Deciding who you can trust with your money and your loved one’s future can be a difficult decision. Luckily, trusts lawyer Andrew Spearman is on hand to provide some handy tips on how to choose who should be your trustee.
1. Make sure you understand the role of a trustee
Before making a decision, you must understand what being a trustee entails, as this will help you find the best people for the job.
People set up trusts for many reasons, including to provide an inheritance for a child in the future, to hold pension savings or to protect assets against other living costs, for example, care fees. We can help you to understand what type of trust will best suit your financial aims and can guide you through creating, registering, and managing it.
You will also need to nominate an individual to look after the trust. A trustee has to safeguard the money and act in the best interests of your beneficiary until the trust is passed on. We can explain these responsibilities to you.
2. Choose individuals you can trust and rely on
Though this may sound like common sense, it’s important to ask yourself some questions before picking a trustee. It’s usually best to nominate two, perhaps even three, people to take care of a trust. This way, they can share the responsibility and make impartial joint decisions.
Consider if these individuals are responsible, if you trust them with your personal affairs and if they have good judgement. These are vital characteristics a trustee needs if they are to make rational decisions.
3. Elect someone that knows your family and the beneficiary
Most people will nominate a relative or close family friend to act as their trustee. This is because they understand your family dynamics and personal situation. They also know you and can use this insight to decide how you would want the money to be handled and how it should be spent to benefit your beneficiary.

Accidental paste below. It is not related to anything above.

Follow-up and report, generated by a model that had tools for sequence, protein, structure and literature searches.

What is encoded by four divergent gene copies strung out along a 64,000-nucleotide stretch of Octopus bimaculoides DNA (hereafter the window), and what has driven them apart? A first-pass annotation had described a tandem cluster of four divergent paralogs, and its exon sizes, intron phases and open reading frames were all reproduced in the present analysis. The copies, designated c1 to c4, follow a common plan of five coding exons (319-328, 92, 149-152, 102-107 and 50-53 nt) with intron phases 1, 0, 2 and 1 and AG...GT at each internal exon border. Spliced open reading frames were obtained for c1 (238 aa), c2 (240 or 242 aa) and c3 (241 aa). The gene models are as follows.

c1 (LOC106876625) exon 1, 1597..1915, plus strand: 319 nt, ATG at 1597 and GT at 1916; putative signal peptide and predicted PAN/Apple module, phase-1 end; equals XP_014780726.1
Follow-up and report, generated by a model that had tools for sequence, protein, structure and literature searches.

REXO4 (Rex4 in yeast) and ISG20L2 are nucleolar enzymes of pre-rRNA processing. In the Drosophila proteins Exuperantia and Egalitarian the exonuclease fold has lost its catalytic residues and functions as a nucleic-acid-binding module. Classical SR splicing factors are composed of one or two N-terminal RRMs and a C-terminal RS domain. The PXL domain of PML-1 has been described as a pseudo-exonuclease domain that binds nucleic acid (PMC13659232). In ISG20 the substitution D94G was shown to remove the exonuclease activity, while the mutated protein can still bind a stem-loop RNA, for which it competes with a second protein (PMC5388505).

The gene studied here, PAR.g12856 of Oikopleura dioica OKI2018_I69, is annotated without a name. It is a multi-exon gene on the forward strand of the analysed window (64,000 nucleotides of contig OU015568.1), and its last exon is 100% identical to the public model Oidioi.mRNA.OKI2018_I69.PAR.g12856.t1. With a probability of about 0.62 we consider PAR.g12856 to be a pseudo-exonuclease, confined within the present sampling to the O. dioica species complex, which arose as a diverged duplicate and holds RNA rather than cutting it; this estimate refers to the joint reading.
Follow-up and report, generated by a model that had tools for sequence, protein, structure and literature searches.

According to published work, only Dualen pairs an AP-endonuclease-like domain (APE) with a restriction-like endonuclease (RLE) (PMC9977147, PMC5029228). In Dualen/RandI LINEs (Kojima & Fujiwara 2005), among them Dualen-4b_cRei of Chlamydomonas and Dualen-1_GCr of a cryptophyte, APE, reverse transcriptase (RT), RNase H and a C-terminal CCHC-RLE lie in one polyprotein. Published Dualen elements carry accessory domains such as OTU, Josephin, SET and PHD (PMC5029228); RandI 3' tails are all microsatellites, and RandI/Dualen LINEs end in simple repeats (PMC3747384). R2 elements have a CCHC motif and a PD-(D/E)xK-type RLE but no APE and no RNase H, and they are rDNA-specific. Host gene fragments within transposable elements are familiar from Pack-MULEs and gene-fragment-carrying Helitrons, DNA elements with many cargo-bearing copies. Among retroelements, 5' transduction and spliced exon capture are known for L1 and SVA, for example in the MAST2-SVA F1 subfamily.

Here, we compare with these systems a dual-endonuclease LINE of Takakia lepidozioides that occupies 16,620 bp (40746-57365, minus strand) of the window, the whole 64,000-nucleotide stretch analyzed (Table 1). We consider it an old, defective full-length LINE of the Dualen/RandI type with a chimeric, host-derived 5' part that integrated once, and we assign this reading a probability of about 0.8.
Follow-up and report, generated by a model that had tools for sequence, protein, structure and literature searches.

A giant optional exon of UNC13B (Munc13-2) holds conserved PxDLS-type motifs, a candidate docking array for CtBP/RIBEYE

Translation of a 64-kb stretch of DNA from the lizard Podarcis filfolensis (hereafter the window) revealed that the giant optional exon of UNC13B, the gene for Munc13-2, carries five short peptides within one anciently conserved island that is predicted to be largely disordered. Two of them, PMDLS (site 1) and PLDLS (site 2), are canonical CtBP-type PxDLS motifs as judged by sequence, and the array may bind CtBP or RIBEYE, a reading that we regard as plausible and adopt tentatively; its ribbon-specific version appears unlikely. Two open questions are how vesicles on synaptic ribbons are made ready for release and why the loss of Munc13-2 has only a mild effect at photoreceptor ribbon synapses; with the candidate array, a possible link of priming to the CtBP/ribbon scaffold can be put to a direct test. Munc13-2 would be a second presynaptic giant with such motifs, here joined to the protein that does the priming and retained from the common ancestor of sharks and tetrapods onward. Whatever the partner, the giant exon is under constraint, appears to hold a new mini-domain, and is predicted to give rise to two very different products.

If you are setting up a trust to provide an income for a vulnerable family member, for example, a child or relative that suffers from learning difficulties, it’s also good to know that your trustees understand this and possess knowledge of their condition. This can help ensure they will use the money to pay for the care and support that your loved one needs.
4. Pick a trustee that’s financially aware and good with money
A trustee doesn’t have to be a financial wizard, however, it helps if they possess some prior knowledge of investments. They should also be competent in handling money and have their affairs in order. This will ensure that they can handle the fiscal responsibility that comes with being a trustee.
Knowing a little about how investments work will also make the role of a trustee seem less daunting and can help them better protect your assets.
It’s often a good idea to sit down with your potential nominees first, before making any final decisions. You can explain what the role entails and they can decide if they want to take on the task.
5. You could consider appointing a professional trustee
We often act as independent professional trustees for our clients, taking care of a range of portfolios from personal trusts with only one asset to large and complex property and investment trusts.
People often choose a professional trustee as they act objectively, intimately understand the legal process, and have years of experience creating and managing trusts. This can help to avoid conflict within families, and ensure the trust is handled correctly, so beneficiaries face no issues in the future.
Our professional trustees spend time getting to know you, your family and building rapport, so we understand exactly how you wish us to act. We’re passionate and committed to doing all we can to protect your interests and your family’s future.
You could decide to a make a family member one of the trustees and appoint a professional as the other. This way there is someone that knows and understands your family involved with the decisions, as well as a specialist that understands how trusts work, and exactly what steps need to be taken.
The contents of this article are intended for general information purposes only and shall not be deemed to be, or constitute legal advice. We cannot accept responsibility for any loss as a result of acts or omissions taken in respect of this article.